David Bourget (Western Ontario)
David Chalmers (ANU, NYU)
Rafael De Clercq
Jack Alan Reynolds
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Topics in Cognitive Science 2 (3):398-406 (2010)
We discuss the development of cognitive neuroscience in terms of the tension between the greater sophistication in cognitive concepts and methods of the cognitive sciences and the increasing power of more standard biological approaches to understanding brain structure and function. There have been major technological developments in brain imaging and advances in simulation, but there have also been shifts in emphasis, with topics such as thinking, consciousness, and social cognition becoming fashionable within the brain sciences. The discipline has great promise in terms of applications to mental health and education, provided it does not abandon the cognitive perspective and succumb to reductionism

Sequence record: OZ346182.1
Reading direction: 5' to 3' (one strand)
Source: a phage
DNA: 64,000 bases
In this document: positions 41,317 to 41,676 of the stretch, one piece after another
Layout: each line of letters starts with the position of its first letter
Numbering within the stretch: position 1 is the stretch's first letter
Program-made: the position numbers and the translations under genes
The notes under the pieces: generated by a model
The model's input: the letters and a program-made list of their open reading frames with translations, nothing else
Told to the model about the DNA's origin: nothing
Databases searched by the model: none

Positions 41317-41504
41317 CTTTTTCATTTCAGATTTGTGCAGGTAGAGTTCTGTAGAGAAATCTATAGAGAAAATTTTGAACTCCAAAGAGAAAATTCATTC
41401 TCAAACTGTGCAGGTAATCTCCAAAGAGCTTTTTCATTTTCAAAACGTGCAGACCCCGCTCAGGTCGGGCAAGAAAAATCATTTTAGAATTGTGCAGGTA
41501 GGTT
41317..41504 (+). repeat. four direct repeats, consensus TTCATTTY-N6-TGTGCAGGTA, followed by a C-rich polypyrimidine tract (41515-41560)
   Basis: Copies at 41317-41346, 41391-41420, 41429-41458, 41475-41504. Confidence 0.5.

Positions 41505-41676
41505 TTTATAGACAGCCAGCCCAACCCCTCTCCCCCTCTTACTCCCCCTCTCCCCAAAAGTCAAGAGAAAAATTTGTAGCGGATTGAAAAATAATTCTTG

|Keywords||Cognitive neuropsychology Neuroscience Brain imaging History|
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